Why experts fears the fractured US health system under Trump is 'woefully unprepared' for what we face

Why experts fears the fractured US health system under Trump is 'woefully unprepared' for what we face
Official White House Photo by Andrea Hanks

As the coronavirus outbreak continues to spread across the U.S., nurses and other public health experts are warning that the country's public health system is unprepared to handle a pandemic and calling on the federal government to take more urgent steps to protect the American people from the disease.

"As the nation braces to confront the novel coronavirus (COVID-19) that is quickly spreading across the world, National Nurses United, the largest union for registered nurses in the United States, has been closely monitoring the situation in our hospitals," NNU presidents and registered nurses Deborah Burger, Zenei Cortez, and Jean Ross wrote Monday in an open letter (pdf) to Vice President Mike Pence. "It is critical that the federal government take quick and meaningful steps to urgently protect the public from this outbreak."

The letter, which called the nation's public health system "woefully unprepared" for the pandemic, recommends the administration act to protect health workers and to ensure a vaccine for the virus is provided for free to the public. The nurses also noted that the existing crisis was being exacerbated by public health cuts.

"At the moment, we have a fragmented and broken public health infrastructure which is woefully unprepared for COVID-19," the nurses said.

Specifically, the NNU demanded the Trump administration and Congress implement the following policies immediately:

  1. Ensure that all nurses and health care workers receive the highest level of protection in their workplaces, as determined by the precautionary principle, which means erring on the side of safety and taking action even before you know something is unsafe.
  2. Improve the Centers for Disease Control screening criteria and testing capacity to ensure prompt recognition of and response to new cases.
  3. Promulgate an Emergency Temporary Standard through the Occupational Safety and Health Administration to protect health care workers from emerging infectious diseases as soon as possible.
  4. Ensure that any vaccine or treatment that is developed with U.S. taxpayer dollars is provided to the public for free.
  5. Act immediately to pass an emergency spending package to fully fund the response to this outbreak, including dedicated funds for protective equipment for workers, temporary paid sick leave, and coverage of all treatment, care, and services for people with potential COVID-19 infection.

As Common Dreams reported Monday, critics have pilloried the government's response to the outbreak thus far for seeming to put the happiness of President Donald Trump over public health needs.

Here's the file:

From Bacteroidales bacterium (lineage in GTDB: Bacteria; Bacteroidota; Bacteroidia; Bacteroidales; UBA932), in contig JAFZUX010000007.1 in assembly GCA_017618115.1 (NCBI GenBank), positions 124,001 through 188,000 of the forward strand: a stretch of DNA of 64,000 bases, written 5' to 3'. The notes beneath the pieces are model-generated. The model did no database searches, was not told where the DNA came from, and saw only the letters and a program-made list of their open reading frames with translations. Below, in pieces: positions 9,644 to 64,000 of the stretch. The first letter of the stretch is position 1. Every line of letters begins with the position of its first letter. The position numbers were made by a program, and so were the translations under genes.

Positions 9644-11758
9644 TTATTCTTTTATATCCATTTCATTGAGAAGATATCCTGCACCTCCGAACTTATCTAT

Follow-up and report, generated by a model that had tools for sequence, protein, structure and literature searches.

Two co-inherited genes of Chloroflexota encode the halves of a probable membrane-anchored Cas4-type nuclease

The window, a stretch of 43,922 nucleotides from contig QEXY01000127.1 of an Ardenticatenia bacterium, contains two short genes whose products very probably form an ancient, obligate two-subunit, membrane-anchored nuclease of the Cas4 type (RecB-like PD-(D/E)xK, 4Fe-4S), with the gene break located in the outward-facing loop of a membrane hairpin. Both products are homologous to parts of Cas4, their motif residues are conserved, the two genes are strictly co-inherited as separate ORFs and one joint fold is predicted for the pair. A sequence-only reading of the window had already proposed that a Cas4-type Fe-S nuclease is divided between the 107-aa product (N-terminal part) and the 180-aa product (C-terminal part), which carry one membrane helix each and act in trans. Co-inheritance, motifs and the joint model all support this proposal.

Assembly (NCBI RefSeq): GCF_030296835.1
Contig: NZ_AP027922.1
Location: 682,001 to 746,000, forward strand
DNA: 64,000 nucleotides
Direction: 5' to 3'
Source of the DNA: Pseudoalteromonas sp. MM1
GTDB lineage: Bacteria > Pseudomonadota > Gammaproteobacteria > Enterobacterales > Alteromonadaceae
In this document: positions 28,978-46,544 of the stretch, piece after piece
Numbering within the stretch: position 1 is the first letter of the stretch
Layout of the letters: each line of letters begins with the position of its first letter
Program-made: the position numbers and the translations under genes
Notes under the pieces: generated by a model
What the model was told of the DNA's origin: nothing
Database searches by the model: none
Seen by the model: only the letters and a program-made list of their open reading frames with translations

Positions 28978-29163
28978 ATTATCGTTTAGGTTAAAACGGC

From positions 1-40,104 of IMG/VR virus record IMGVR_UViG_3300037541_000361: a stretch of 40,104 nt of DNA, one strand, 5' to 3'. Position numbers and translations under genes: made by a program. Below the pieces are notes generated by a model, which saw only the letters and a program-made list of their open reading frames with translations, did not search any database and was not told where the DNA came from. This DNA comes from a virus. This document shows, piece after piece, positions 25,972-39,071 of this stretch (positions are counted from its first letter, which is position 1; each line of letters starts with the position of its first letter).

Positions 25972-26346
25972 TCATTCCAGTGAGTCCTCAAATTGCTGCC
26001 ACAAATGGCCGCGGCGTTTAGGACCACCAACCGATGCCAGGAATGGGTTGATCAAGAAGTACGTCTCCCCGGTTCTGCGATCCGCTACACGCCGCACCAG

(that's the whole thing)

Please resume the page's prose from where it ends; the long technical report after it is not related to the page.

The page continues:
That prioritization of the president's feelings over proactive measures to address the outbreak has reportedly continued. According to the New York Times, Defense Secretary Mark Esper last week instructed U.S. military commanders in bases around the world "not to make any decisions related to the coronavirus that might surprise the White House or run afoul of President Trump's messaging on the growing health challenge."

During a meeting on the coronavirus Monday, Trump asked a group of pharmaceutical CEOs if a vaccine would "make you better quicker," indicating the president does not fully grasp that a vaccine would prevent, not treat, the virus.

Meanwhile, the associated costs of getting tested for the coronavirus are nearing $4,000 for some patients. In a press conference Monday evening, Trump's Centers for Medicare and Medicaid Services administrator Seem Verma said that she was unclear on what costs associated with the testing Medicare and Medicaid would and would not cover.

In a press conference Monday evening, Trump's Centers for Medicare and Medicaid Services administrator Seem Verma said that she was unclear on what costs associated with the testing Medicare and Medicaid would and would not cover.

The prohibitive cost of testing, health professionals have warned, risks infected people staying in the general population without treatment.

Sen. Bernie Sanders (I-Vt.), a frontrunner for the 2020 Democratic presidential nomination, said Tuesday that the situation was unacceptable.

"Profiting during an outbreak is not only cruel—it threatens public health," said Sanders. "All needed tests, treatment, and vaccines must be made free for all."

Testing itself is running into problems. One woman from Seattle, who claimed to be a health professional, recounted on Twitter her efforts to get tested—a four phone call ordeal that resulted in her being told she would not be tested despite having all the symptoms of the illness.

Meanwhile, a New York City doctor told CNBC Monday that the Centers for Disease Control is not providing his hospital with testing kits.

Bottom line, Vanderbilt University Medical Center preventive medicine and infectious disease professor William Schaffner told the Guardian, is that hospitals and healthcare workers need to be on top of strategizing for an outbreak.

"Every institution ought to be re-educating everybody about appropriate respiratory precautions," said Schaffner.

In an article for Vice, emergency room doctor Darragh O'Carroll reminded  Americans to trust the professionals.

"Listen to your public health officials, because in order to avoid a healthcare system collapse, we must all act swiftly, and with unity," said O'Carroll.

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